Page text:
How did all these start: sinners and saints, evil and good, right and wrong, virtues and vices, moral and immoral? The Book of Genesis says that God created them in His image and likeness, male and female, and He called both of them man (5: 2). God created one human being, Man. Through this man, God wishes to populate the earth; so He made two sexes out of the same man. But we let ourselves be lured into the pleasure bigger than what God already gave us freely, we let ourselves be led into the seduction of becoming God. We let the pride of lucifer got into our head; he refused to adore and serve God in human form thereby creating the idea of superior and inferior, perfect and imperfect, right and wrong, man and woman, etc. Up till now, this single fundamental idea has not left us. All that God wanted us to enjoy is being humans, and letting Him be God in our lives.
A priest once shared his encounter with a lady in a parish. He was still a seminarian but that year, he had his summer mission work in a particular parish. One day after Mass, he sat on a pew in front of the tabernacle discussing with a woman who had a lot going on in her life. After the conversation, the lady came to him outside the church, and began to tell him how sinful it was to sit close and discuss with a woman right in front of the tabernacle. Every attempt he made to help the lady see that Jesus Christ would do more for the woman if he were to be physically present did not change the lady’s point of view a bit. He finally called the lady, “Lady Pharisee”.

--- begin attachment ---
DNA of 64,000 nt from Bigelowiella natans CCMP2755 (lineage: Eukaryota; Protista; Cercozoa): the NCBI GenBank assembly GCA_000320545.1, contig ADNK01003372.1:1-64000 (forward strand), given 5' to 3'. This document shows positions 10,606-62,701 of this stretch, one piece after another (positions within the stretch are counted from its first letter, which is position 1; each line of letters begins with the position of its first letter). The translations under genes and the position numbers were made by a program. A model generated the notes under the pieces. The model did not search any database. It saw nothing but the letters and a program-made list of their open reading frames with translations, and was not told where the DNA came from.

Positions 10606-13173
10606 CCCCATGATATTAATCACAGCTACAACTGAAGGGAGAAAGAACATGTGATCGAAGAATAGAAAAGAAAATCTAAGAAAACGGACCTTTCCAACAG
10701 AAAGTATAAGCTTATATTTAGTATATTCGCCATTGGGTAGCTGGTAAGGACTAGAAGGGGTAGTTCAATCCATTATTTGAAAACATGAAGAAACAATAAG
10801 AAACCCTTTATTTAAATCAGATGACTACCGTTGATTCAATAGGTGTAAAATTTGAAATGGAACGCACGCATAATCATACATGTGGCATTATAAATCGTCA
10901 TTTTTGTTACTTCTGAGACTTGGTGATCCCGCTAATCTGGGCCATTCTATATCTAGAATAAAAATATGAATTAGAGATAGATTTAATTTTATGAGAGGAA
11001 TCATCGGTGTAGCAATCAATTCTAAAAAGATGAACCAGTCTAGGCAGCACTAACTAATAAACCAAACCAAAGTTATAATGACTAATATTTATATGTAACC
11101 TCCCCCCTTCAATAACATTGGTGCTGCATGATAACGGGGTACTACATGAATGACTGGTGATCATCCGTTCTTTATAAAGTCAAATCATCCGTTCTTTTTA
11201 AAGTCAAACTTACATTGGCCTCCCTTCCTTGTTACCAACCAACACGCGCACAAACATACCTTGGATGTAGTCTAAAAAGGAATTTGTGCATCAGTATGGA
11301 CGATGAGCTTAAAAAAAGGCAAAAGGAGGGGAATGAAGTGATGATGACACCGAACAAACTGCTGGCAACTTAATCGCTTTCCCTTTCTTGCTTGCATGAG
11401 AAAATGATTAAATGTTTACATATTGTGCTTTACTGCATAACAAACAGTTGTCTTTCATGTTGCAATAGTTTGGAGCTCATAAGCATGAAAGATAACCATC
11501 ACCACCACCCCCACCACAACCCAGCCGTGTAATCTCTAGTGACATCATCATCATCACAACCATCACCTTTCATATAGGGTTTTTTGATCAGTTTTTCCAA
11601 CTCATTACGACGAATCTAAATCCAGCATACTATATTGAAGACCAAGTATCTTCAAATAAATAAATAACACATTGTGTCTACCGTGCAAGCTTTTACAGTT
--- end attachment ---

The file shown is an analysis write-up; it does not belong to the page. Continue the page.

Today both the Gospel and the first reading speak to the human situation in order to bring the healing ingredient that is missing. This ingredient is humility. It is a disposition contrary to pride. Since pride is at the center of every division, fighting, hatred, terrorism, shame and perfectionism; humility should be at the center of unity and peace, love and security, honor and self and others-acceptance. We recognize humility because it is truly patient and doesn't easily get frustrated with the imperfection of others. Humility knows that mistakes and inadequacies are part of being human. It is a disposition that tolerates both the self and others when deficiencies appear and failures happen. Humility recognizes its own limitations. Both Ben Sirach and Luke note that prayers made in humility of heart reaches God quickly. Paul, even at the last days of his life on earth, still sounded so much like the pharisee he was. Nobody speaks and acts from nowhere. Listen to him touting of how he has finished the race, how he has kept the faith and how he deserves a price, the crown of righteousness. The pharisee described in the Gospel is also demanding his own crown of righteousness. He, like Paul, has list of his justification, and these include “not been like the other people, not been crooked, adulterous, condemned the humble tax collector, and mentioned paying tithes and fasting twice a week.” (Lk. 18: 10 – 11). The connection between Paul and the pharisee in the temple is that both are perfectionists. If we are truly humble, we shall see part of ourselves even in those we seek to criticize, judge and condemn. Let us live humbly and pray patiently with faith in God.